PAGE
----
KC Lynch leads the way as Jonathan Schmauder helps Angelina up to the lift at Howelsen Hill on Sunday in Steamboat Springs. Sunday was the last day for skiing at the downtown ski area.

Photo by Joel Reichenberger

KC Lynch leads the way as Jonathan Schmauder helps Angelina up to the lift at Howelsen Hill on Sunday in Steamboat Springs. Sunday was the last day for skiing at the downtown ski area.

Steamboat, Winter Sports Club make final push for Howelsen funds

Widespread support sought to boost grant applications for Howelsen


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The Howelsen Hill Centennial Campaign is seeking community donations for improvement projects that include new lighting, snowmaking equipment, a mini magic carpet and a new summer ski jump. Donors can specify which project they want their money to go to.

Donations can be made in the following ways:

■ Send checks made out to the city of Steamboat Springs, or to YVCF — Howelsen Ski Hill at Howelsen Hill Centennial Campaign, P.O. Box 775088, Steamboat Springs, CO 80477.

■ Donate by credit card at www.yvcf.org/donate. Select “Howelsen Capital Improvements — Ski Area.”

For more information, contact Winnie DelliQuadri, the city’s government programs manager, at 970-879-2060 or wdelliquadri@steamboat


— Local Nordic combined athletes already have bragging rights for recent Olympic medals won in their winter sport.

They now might have bragging rights around the halls of Howelsen Lodge for fundraising, too.

The city of Steamboat Springs and the Steamboat Springs Winter Sports Club are making a final push for public contributions to the Howelsen Hill Centennial Campaign, which since July has raised more than $268,000 in donations and pledges and more than $937,000 in grants. Funds raised will go toward new lighting, snowmaking equipment, a mini magic carpet and a new summer ski jump at Howelsen Hill, which ended its winter ski season Sunday.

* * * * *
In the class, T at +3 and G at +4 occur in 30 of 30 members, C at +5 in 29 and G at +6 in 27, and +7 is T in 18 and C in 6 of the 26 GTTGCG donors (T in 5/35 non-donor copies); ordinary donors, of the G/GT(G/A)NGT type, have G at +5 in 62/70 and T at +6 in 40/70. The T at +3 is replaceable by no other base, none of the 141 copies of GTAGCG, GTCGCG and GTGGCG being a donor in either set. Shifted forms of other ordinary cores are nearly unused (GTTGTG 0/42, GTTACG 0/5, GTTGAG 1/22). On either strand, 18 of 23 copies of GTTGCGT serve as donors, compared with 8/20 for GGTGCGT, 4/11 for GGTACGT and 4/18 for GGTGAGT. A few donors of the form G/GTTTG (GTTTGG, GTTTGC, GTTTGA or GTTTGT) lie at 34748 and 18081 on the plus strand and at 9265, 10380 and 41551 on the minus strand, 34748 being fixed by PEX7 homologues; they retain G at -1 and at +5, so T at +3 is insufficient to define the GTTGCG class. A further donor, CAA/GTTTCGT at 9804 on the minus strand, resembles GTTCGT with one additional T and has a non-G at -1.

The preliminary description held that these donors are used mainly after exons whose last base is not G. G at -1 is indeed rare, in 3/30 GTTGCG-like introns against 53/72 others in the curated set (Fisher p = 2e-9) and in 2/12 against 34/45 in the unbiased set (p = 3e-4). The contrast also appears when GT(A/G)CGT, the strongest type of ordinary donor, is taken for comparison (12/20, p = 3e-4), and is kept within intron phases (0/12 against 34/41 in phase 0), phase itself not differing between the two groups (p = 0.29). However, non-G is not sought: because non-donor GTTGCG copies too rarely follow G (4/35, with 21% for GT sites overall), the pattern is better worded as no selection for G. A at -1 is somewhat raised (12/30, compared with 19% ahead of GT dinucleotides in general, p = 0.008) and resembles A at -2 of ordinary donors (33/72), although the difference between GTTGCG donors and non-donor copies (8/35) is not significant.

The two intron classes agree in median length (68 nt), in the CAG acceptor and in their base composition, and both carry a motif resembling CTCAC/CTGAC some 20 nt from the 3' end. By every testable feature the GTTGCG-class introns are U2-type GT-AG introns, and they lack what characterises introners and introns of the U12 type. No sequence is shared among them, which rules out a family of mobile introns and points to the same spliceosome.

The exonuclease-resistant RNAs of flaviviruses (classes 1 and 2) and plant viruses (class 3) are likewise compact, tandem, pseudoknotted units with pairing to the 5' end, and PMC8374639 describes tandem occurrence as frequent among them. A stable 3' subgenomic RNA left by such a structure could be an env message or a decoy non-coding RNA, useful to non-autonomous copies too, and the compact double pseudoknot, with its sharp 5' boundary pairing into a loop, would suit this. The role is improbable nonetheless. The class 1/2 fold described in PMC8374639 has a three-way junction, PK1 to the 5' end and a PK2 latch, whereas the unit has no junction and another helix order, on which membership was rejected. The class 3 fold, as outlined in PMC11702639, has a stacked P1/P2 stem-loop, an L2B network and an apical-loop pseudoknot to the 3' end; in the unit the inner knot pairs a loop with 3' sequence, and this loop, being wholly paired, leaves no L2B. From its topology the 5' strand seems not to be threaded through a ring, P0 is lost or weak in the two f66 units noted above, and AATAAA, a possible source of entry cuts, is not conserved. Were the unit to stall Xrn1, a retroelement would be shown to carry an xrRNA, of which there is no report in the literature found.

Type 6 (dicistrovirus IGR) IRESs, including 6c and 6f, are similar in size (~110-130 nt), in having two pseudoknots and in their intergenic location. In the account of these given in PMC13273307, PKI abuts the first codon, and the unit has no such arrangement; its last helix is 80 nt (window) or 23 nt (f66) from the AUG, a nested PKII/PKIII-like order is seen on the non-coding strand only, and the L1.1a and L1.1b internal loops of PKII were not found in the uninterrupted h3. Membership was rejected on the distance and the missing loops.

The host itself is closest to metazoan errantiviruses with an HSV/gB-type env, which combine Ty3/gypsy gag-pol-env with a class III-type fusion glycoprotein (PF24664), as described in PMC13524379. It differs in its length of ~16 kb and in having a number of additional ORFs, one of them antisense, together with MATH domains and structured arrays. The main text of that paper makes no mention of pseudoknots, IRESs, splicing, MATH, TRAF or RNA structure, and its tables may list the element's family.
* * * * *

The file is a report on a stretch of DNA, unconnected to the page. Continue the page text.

Winter Sports Club Executive Director Rick DeVos said more than 1,000 young athletes, or about 775 local families, are involved in club activities. He’s hoping to get all those families involved in fundraising for the community ski hill during the next two months.

The effort that has led to posters around Howelsen Lodge that chart fundraising by various Winter Sports Club disciplines.

DeVos acknowledged that the friendly competition is somewhat skewed because Alpine skiing, for example, has hundreds of members compared to 60 or so for Telemark skiing.

But he said Sunday that one discipline, in particular, appears to be going strong so far.

“I know the Nordic combined group looks high right now in this process,” DeVos said about the fundraising efforts. “They’ve really made a strong push to get that group motivated.”

The success of Nordic combined athletes in the 2010 Winter Olympics intensified the city’s focus on fundraising for Howelsen Hill improvements. Efforts during the past year have included a $900,000 Great Outdoors Colorado grant awarded in December.

Significant costs remain, tho­­ugh. The new plastic-covered K38 jump, for example, has a total cost of $1.5 million. The new jump would be open year-round and allow younger athletes to continue ski jumping in the summer. Lighting improvements to expand Howelsen’s night-skiing access cost $350,000. DeVos said snowmaking improvements can help keep families in Steamboat early in winter season, rather than traveling to Summit County for training.

City contributions to the Centennial Campaign have included $250,000 allocated through surplus 2009 funds and $80,000 from the city’s Howelsen Hill capital improvement fund.

Winnie DelliQuadri, Steamboat’s government programs manager, said the city will submit grant applications in the coming weeks to several private foundations. Applications will include a $170,000 request to the Gates Family Foundation, which helped fund ski jump and snowmaking improvements at Howelsen Hill in 2003.

DelliQuadri said private foundations look for widespread public support.

“One of the things they really want to see is that the community is really invested in the facility,” DelliQuadri said. “We want to show, through the number of people who have given, and the number of people with the Winter Sports Club who have given, that the community is definitely behind Howelsen Hill.”

DeVos acknowledged that asking for money is difficult anytime, but especially when impacts of the national economic recession still are felt in Routt County.